Expansive promises about the potential of trade liberalisation through the WTO have failed to materialise in terms of more and better jobs and higher growth either worldwide or in developing countries. Indeed, many developing countries that undertook trade liberalisation in line with the policies recommended by the WTO, as well as by the international financial institutions, found de-industrialisation to be the outcome as their domestic industries collapsed in consequence
Employment must be at the centre of the agenda in the preparation for the Hong Kong WTO Ministerial. The impact trade has on the level and quality of employment determines whether trade contributes to or detracts from raising living standards, achieving development and eliminating poverty. Yet the employment consequences of trade are virtually always neglected in trade negotiations, despite these self-evident linkages.
This situation needs to change fundamentally so that trade negotiations take place on the basis of a comprehensive ex ante assessment of their impact on the level and stability of employment (particularly in labour-intensive sectors), respect for fundamental workers’ rights, equality between women and men, good working conditions, social protection, as well as food security and access to quality public services
The challenges facing developing and least developed countries are even more acute in the Non-Agricultural Market Access (NAMA) negotiations. At both multilateral and national levels, a rigorous assessment needs to be conducted of the impact of NAMA negotiations on development, decent work and people living in poverty. Governments should not make deals in such negotiations except on the basis of a clear picture of the likely repercussions on their ability to implement industrial policies to attain their development and employment goals.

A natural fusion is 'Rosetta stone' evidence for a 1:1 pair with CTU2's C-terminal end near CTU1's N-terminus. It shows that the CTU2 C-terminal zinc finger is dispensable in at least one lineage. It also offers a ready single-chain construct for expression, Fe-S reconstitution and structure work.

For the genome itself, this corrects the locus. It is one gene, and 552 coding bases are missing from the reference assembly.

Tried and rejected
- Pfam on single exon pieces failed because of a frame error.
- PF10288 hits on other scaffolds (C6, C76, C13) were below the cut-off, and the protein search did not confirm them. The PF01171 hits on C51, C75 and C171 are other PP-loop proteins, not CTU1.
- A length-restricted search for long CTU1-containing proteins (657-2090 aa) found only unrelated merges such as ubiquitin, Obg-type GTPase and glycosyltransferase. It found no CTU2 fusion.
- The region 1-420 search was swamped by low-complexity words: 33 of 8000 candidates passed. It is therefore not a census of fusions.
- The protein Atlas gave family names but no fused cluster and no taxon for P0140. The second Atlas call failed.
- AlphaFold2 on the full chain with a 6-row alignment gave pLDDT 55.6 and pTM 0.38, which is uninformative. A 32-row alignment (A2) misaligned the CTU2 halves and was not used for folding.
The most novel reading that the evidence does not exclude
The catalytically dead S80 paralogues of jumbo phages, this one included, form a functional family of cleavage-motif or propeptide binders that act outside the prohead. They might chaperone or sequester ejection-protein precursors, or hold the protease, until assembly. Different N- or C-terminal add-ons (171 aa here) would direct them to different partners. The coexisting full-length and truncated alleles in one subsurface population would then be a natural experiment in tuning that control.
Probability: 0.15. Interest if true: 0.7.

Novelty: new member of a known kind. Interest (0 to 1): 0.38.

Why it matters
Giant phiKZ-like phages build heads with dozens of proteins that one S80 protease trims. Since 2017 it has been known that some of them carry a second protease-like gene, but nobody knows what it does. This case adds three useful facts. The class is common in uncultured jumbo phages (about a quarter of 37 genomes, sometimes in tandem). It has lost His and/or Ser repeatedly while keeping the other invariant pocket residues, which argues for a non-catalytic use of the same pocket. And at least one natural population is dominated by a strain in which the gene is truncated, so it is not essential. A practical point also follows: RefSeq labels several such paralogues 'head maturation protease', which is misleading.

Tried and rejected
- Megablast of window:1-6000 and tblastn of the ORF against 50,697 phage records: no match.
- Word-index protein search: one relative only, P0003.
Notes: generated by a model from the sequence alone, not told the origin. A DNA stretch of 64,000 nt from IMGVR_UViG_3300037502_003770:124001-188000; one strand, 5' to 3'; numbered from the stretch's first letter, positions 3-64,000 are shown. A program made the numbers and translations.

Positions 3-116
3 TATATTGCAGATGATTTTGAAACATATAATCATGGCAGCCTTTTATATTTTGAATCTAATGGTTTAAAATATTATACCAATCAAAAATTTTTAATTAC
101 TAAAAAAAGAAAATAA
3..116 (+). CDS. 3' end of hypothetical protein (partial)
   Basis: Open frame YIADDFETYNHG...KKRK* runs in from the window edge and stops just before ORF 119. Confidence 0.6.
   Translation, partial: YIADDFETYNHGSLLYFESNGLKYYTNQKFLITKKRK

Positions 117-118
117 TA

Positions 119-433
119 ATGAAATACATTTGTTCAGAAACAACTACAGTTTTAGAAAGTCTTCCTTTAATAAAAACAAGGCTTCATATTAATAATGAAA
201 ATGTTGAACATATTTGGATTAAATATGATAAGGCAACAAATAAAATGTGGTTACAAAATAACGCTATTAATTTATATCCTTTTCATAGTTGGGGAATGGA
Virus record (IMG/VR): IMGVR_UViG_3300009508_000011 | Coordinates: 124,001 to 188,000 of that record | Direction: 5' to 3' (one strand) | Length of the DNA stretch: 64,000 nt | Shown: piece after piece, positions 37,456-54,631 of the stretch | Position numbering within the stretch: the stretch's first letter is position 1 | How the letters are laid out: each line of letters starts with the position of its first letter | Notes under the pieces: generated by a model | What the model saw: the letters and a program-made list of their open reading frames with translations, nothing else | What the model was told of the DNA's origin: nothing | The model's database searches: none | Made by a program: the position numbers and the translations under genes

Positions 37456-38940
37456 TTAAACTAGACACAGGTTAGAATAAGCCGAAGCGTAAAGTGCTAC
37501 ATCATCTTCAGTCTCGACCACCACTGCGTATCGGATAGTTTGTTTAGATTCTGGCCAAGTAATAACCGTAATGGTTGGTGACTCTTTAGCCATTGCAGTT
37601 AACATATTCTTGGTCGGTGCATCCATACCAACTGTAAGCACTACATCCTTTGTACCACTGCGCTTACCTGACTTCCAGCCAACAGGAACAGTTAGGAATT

The provision of national and international funding is needed to support employment adjustment assistance when jobs are lost as a result of trade liberalisation.
Both developing and industrialised countries need to have the policy space to undertake legitimate domestically-based industrial development strategies. NAMA negotiations should not overly restrict that flexibility. A clause is needed that would enable any developing countries (particularly least developed countries) that do bind their tariffs, to be able to alter that commitment on grounds of justified social and development purposes. They should have the right to retain higher tariffs if they so wish, in line with the principle of “less than full reciprocity” contained in the Doha Ministerial Declaration.
Congress declares its full backing for the Global Call to Action Against Poverty and urges the affiliates to mobilise their membership to:
• demand of their national Governments that the creation of decent work be at the centre of their agenda, particularly in trade liberalisation negotiations.
• call on G8 countries at their meeting in June to introduce effective policies against poverty
The IMF shall:
• continue working in close collaboration with the other Global Union partners and with like-minded social movements for the attainment of the goals indicated above
• in particular, build the capacity of affiliates to effectively influence their governments’ policies on trade, aid and development
• use IFAs as a tool to strengthen worker’s rights to information and education on the above issues